The next step of strategic analysis following the exploration of internal and external environment and SWOT analysis is the choice of an appropriate strategy along with aligning this strategy with environmental factors. The purpose of this paper is to consider four types of generic strategies, identify elements from analytical models (Porter’s, PEST, RBV, etc.) which contributes to the SWOT variables of the chosen company (Mondelez International Inc.), and determine how each of the generic strategies can address this factor. The results of this analysis will further be used for generating strategic recommendations to Mondelez International Inc.
1. Overview of strategies
Overall, it is possible to identify four types of generic strategies: cost leadership, differentiation, niche focus and preemptive move (or first-mover advantage) (Root & Visudtibhan, 1992). Cost leadership means offering best prices for consumers; it can be reached by different methods: economies of scale, effective product design, overall economic balance, operational economy, and also with the help of field experience (Pickton & Masterson, 2010). Differentiation means offering products or services which can be perceived as unique compared to competitors (Haberberg & Rieple, 2007). In general, differentiation strategies can be classified into two types: quality strategies and branding strategies (Pickton & Masterson, 2010). Differentiation can also be reached in a variety of ways: better components of ingredients used for the products, better design, look and feel, combined products, diverse products, unique delivery channels, added services, etc (Mazzucato, 2002).
Focus, or niche, strategies are used by companies operating in a narrower market segment, and can include variations of cost leadership and/or differentiation strategy (Porter’s Generic Strategies). In these cases, the companies can optimize their resources, avoid dilution, reduce competitive pressure in particular market segments, and create unique identity (Iansiti & Levien, 2004). The implementation of focus/niche strategy can be done through targeting specific market segments, focusing the product line and operating in a limited geographic region (Wilson & Gilligan, 2012). Finally, pre-emptive strategies (or first-mover strategies) lead to the creation of unique competitive advantages or competencies, and are commonly implemented in the following ways: new products (and gaining opportunities associated with these products), new production systems, and gaining customer loyalty (Wilson & Gilligan, 2012).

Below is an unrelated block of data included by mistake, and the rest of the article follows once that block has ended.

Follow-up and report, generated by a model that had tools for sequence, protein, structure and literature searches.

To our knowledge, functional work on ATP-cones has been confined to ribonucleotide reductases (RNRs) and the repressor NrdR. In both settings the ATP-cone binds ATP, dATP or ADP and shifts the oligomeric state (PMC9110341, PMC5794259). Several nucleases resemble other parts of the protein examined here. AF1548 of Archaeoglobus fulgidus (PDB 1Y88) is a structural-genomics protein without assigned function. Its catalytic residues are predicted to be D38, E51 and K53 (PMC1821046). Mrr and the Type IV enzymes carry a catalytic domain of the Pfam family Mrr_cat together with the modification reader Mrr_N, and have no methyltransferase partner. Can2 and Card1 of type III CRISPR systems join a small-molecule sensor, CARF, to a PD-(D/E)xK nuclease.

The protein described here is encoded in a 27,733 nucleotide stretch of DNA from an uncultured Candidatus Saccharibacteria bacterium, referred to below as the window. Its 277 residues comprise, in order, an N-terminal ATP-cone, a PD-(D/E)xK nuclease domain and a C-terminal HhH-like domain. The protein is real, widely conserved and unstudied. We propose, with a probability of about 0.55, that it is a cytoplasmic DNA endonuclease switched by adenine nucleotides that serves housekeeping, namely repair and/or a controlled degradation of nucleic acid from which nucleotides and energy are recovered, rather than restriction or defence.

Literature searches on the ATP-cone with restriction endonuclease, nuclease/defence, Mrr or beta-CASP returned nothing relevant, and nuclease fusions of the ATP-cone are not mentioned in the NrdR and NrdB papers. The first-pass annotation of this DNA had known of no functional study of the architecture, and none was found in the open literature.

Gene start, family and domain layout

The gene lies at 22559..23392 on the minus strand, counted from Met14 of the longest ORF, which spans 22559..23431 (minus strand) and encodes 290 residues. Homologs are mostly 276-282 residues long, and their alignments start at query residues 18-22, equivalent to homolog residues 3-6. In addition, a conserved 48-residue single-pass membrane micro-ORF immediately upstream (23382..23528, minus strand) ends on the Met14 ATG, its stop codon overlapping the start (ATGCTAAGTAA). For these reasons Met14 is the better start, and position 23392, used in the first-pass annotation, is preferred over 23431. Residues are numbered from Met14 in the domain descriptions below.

2. Strategic choice
2.1. Selection of elements
For each of the dimensions of SWOT analysis, it is necessary to select an element from analytical models, such as internal analysis, Porter’s Five Forces model, Value Chain, PEST, etc. For strengths, such factor is geographical diversity of operations, outlined in the resource-based view, in the section of physical resources. For weaknesses, the chosen factor is lack of integration and empowerment of acquisitions, considered in the resource-based view in the section of acquisition-based resources. For opportunities, expansion into emerging markets was chosen as the key factor; this factor is described in PEST analysis in the section devoted to economic environment. For threats, the key factor is intensive competitive rivalry, which is described in the Porter’s Five Forces framework.